The taste of my hometown, Lamalera

Hello world!

DCIM100MEDIA

 

Even though I was born and grown up in Bandung, but my parents always teach me anything about my hometown. Lamalera is a small village in the south of Lembata Island, East Nusa Tenggara. Not so many people know about this small village, especially if they are not from Flores. Lamalera becomes famous since the whale catching was captured on some of the media in Indonesia itself and abroad. Lamalera has a tradition to catch the whale in a very old-fashioned technique, using  bamboo stick with knife called Tempuling. Lamalera is a village on the rocks, that’s why vegetables can not grow here, so the people here surrender their lives into the sea. People believe that whale is blessing from their ancestors so they can survive.

Pledang, traditional wooden boat

Pledang, traditional wooden boat

Back in the old times, they didn’t have any religion and they praised to their ancestors so that they can give life to them.  After Father Bode came to Lamalera, all of the tradition were renewed and combined with Catholic tradition. Ever since that time, every adventure to the sea will be started with a mass on the beach, called Misa Leva on 1st May every year.

Father Bode Statue

Father Bode Statue

“Baleo… Baleo… Baleo” When you hear this shout that means there is a whale in the sea, so some Pledang will go to the sea to catch the whale. Each Pledang has one Lamafa or the guy who will stab the whale using tempuling. Only guys can go on the trip to the sea, but since some tourist want to see the catching process, then they allow women to go as well. Women have a role to be in charge in cooking the meat, so they will stay at home and wait for the time to cook.

DCIM100MEDIA

Every Pledang has their own house

As I mention before, all of the Pledang are made by wood, but last year 2015, the Central Government gave a few machine to help the people so they don’t have to paddle the boat. When I look at some boat with machines, I am disappointed because our ancestors have been keeping the tradition to remain as they were. Bapa Ula (One of the elders in Lamalera) said that all of the modernity that come to Lamalera have made our people to be more lazy. It’s true on this case and to other cases happen in Lamalera. We can see that some of the traditions are faded away from the whale catching tradition itself until life traditions like marriage and death tradition.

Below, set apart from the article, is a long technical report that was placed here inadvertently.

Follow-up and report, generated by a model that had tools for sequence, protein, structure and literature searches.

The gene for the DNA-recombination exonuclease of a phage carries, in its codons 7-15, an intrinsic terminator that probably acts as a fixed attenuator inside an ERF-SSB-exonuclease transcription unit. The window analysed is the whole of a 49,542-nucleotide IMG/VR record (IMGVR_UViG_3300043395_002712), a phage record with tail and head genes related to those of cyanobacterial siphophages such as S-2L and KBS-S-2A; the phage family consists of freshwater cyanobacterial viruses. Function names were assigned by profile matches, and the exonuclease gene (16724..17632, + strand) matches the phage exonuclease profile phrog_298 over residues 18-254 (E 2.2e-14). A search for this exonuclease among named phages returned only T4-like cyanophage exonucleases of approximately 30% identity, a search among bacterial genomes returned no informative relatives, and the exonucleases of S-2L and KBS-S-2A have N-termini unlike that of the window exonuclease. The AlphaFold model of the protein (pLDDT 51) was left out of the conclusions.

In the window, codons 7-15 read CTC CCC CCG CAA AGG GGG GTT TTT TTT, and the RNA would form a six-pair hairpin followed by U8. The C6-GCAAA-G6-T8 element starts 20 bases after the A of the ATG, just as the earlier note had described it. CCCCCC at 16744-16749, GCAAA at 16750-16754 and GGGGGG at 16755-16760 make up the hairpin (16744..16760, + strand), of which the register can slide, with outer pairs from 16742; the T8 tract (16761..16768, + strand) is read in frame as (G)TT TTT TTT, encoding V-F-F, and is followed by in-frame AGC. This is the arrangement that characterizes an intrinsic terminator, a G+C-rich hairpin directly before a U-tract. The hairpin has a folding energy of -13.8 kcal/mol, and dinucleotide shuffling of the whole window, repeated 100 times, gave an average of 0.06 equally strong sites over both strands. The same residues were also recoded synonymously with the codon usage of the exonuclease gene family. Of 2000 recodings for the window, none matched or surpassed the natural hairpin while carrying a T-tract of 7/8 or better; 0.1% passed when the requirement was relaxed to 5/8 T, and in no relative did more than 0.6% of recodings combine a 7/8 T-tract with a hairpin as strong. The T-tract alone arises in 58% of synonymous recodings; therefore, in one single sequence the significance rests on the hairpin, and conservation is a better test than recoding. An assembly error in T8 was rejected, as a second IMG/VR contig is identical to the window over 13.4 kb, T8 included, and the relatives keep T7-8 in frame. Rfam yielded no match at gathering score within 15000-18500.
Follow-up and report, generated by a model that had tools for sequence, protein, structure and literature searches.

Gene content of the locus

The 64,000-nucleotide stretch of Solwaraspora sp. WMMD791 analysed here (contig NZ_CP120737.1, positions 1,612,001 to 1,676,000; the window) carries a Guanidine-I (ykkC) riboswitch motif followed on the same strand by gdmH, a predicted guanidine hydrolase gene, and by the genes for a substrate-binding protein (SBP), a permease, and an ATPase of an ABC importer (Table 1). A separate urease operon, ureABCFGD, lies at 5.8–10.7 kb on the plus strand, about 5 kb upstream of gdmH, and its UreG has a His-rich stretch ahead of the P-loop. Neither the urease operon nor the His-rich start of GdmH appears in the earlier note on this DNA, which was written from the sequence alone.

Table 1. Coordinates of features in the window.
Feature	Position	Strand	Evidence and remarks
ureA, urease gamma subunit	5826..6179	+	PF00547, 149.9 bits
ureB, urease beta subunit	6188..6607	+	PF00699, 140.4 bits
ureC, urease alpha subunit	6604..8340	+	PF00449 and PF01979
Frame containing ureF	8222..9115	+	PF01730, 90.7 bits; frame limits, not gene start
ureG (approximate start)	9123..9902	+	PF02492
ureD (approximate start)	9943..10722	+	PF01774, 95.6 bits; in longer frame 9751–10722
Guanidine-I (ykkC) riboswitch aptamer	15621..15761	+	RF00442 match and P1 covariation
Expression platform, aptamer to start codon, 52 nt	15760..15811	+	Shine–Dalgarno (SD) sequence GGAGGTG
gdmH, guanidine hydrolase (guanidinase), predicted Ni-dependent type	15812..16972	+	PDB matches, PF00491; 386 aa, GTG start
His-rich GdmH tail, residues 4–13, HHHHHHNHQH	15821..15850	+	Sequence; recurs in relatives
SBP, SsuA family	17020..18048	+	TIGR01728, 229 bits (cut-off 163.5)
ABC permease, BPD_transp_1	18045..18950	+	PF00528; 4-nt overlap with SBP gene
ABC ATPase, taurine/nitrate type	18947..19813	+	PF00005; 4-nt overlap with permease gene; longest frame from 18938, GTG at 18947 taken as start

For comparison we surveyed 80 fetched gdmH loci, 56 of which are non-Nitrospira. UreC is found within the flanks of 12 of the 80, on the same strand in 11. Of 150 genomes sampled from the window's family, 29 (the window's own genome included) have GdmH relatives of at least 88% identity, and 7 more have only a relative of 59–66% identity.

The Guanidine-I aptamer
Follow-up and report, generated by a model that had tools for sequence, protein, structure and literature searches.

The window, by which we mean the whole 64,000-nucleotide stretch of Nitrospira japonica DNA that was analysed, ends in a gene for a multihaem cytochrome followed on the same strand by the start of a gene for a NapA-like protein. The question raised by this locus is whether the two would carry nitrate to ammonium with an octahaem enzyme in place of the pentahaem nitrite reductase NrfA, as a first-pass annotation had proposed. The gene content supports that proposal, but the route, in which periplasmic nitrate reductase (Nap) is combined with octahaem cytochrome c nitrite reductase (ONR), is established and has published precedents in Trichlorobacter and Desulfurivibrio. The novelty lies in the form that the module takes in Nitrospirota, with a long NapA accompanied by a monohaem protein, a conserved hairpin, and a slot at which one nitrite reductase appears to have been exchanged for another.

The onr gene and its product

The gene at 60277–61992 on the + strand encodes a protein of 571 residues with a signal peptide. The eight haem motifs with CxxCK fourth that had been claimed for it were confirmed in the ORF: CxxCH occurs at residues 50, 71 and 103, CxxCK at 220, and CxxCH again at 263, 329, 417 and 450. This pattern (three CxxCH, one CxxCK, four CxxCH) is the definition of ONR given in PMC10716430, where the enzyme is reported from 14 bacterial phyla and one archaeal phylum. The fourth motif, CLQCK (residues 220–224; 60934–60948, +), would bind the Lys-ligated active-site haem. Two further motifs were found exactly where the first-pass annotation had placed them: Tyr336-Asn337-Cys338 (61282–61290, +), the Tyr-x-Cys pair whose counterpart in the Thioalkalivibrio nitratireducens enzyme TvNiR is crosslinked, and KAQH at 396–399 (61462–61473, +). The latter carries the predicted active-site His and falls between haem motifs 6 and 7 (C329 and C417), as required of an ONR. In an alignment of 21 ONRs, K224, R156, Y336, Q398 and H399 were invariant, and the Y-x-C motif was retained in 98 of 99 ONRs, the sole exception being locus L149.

IMG_9737[1]

Today’s catch is dolphin

When I was there for a short visit, I got luck to see one of the catch which is two dolphins. These two are a whale species. The boat maker is the one who has the right to share these dolphins. When they get a whale, they can share it with the whole village, but when they get only dolphins, they can only share with the people who went on a trip to catch dolphins. It should be shared fairly without any leftovers, even the intestine. It is scaring yet happy feeling to see them cutting and sharing dolphins. Kids usually will help to clean the meat and after that there will be some women who will bring the meat on top of their head (dijunjung). Since there is no icing process to freeze the meat, people will use traditional way so they can still have stock to eat. The meat and the skin usually will be cleaned and salted and after that they will be hanged so they can be dried from their oil.  The oil from dolphins or whales is used for medicine and for lighting. The brain of dolphins is really good for our memory and health. People in Lamalera don’t have sophisticated ingredients when they cook. They only use salt, sometimes garlic and asam (sour fruit). The texture of fresh dolphin meat is almost the same like beef. The brain tastes like chicken’s liver. Sounds horrible for some of people when I tell them that I eat whales and dolphins. And yes, there are some pros and cons about whale catching tradition. A few years ago, Lamalera society won the case in the court in Indonesia. Once again, they don’t catch the preserved ones. They use traditional technique so the habitat is not damaged.  They don’t catch in a huge number of whales. And they just want to conserve the tradition.

DCIM100MEDIA

Leta in Korohama Blikololong House

Moving on from the whale catching tradition to another tradition which is to lighten the candles. In Lamalera, there are some big family. When you look at their surname, you will know who are they. The first three big family which are also the eldest are Blikololong (mine), Lewotukan, and Bataona. Back in the old times they have their own roles in the community to keep the balance in the society. Every family has their own house where all of the rituals and traditions will be held. Since all of the people in Lamalera are Catholic, they run all of the tradition in a Catholic way. We believe that our ancestors live happily in heaven with God. So, we always pray through them. People believe that every candles that we light will bring our prayers closer to them. We can light the candles in their tomb or in Leta (a table for rituals equipment). Even when we are far away from Lamalera, we can always lighten a candle and pray for our ancestor. That is the way to communicate with them. We know and we believe that our name which usually coming from their names are a sign to always remember them.

This a-week-holiday in Lembata was spent with all of the goodbye, so I can go studying in their blessings. I will always remember to always lighten the candles for my hometown Lamalera and my ancestor, and especially for my dreams. Hopefully God will bless my journey.

DCIM100MEDIA

Cheers world!

Maria Korohama